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  HOME | Central America

Salvadoran Military Turns Away Judge Seeking Files on Massacre

SAN SALVADOR – A Salvadoran judge trying to investigate the army’s 1981 slaughter of a thousand people was blocked on Monday from entering a military installation in pursuit of files relating to the El Mozote massacre.

It was the second time in less than a month that the military acted to obstruct the probe by magistrate Jorge Guzman.

When Guzman, accompanied by prosecutors, investigators and attorneys representing families of the victims, arrived on Monday at the headquarters of the air force general staff to inspect the archives, an officer refused to allow them to enter the building.

The officer, identified only by his surname, Ortiz, reiterated the position of President Nayib Bukele and Defense Minister Rene Merino Monroy that the search was not permissible because it could lead to the exposure of classified information.

David Morales, a lawyer for victims’ families, said that Bukele and Merino were guilty of dereliction for their efforts to “hinder” the probe targeting more than a dozen former commanders for their part in what happened in El Mozote.

“There are no legal faculties for them to block an order for a judicial procedure,” he said, adding that the same applies to the events of Sept. 21, when Guzman was prevented from entering the offices of the armed forces general staff.

Merino wrote a letter to the Supreme Court saying that the military does not support the case and has no interest in cooperating.

The high court rejected the defense minister’s position.

On Sept. 24, Bukele said in a nationally broadcast address that Guzman’s intention was to reveal military secrets.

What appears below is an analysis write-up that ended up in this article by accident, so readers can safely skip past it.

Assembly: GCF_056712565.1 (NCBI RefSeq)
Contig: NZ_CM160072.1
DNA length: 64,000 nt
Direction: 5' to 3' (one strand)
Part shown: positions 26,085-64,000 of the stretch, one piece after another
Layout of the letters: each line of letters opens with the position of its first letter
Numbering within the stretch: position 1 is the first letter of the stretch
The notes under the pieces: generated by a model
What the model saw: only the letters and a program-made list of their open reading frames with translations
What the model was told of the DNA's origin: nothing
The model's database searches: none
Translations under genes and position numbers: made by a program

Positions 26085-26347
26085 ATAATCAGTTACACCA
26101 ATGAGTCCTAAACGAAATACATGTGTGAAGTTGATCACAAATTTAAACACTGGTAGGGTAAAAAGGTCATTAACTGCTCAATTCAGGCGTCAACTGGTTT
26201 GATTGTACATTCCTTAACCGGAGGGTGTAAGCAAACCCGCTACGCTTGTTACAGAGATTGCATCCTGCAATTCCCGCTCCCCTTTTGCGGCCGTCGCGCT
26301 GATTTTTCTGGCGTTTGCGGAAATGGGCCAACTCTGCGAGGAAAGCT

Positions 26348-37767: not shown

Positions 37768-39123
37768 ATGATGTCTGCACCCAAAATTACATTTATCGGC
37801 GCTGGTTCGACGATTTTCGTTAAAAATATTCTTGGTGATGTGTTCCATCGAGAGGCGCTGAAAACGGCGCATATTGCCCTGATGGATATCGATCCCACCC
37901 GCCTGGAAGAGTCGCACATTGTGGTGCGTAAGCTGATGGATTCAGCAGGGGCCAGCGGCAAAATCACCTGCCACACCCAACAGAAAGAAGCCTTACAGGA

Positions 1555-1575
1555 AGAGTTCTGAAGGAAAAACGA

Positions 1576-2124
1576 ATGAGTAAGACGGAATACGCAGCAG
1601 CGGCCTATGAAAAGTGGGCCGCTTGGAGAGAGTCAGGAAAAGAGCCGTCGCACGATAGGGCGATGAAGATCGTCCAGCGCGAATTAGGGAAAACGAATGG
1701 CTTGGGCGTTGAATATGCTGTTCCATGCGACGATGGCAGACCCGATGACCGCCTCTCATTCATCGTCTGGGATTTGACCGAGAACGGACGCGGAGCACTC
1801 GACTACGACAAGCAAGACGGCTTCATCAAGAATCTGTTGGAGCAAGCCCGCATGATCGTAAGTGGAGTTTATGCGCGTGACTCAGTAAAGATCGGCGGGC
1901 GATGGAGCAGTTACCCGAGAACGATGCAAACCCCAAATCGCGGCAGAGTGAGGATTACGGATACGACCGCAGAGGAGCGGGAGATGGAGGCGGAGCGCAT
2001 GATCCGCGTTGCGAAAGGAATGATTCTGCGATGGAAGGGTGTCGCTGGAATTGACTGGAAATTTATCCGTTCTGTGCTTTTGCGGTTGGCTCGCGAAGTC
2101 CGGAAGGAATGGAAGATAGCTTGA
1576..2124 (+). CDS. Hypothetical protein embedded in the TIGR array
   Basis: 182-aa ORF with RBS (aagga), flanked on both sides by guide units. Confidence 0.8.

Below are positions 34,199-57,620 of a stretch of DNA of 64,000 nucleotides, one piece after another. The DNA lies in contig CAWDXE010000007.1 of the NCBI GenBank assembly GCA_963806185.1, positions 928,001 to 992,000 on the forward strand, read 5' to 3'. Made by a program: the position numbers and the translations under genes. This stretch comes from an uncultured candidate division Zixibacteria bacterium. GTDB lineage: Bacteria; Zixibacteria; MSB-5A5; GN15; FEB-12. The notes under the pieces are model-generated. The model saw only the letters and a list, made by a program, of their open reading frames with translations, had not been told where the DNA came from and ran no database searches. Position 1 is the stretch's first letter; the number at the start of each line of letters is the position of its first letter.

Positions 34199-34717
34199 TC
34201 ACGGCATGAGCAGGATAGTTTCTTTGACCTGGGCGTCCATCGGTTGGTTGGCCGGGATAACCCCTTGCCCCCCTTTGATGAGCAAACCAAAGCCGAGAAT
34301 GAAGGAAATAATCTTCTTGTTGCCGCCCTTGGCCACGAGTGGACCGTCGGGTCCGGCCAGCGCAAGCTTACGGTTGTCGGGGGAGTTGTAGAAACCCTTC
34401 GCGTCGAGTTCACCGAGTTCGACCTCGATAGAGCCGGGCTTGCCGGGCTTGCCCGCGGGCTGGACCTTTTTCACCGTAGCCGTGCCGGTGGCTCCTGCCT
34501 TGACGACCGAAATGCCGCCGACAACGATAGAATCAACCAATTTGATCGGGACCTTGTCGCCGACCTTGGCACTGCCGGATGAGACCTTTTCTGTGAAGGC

The right-wing president added, however, that he would declassify some materials relating to the massacre, though it remains unclear whether the evidence has been delivered to Guzman or the Attorney General’s Office.

The bloodbath took place during El Salvador’s 1980-1992 civil war pitting government forces against the Farabundo Marti National Liberation Front (FMLN) guerrilla coalition.

A United Nations truth commission said in a 1993 report that during the period Dec. 10-13, 1981, units of the elite Atlacatl counter-insurgency battalion tortured and executed men, women and children in El Mozote and other nearby villages.

The killing spree was accompanied by rape, the destruction of homes, the burning of crops and the slaughter of domestic animals.

The massacre was one of the deadliest attacks perpetrated against civilians by a Latin American army and has been compared to Nazi atrocities and the Vietnam War’s My Lai massacre.

The current probe got under way after the Supreme Court overturned in July 2016 a 1993 law providing amnesty for war crimes during the conflict that cost some 85,000 lives before ending in a negotiated peace.

 

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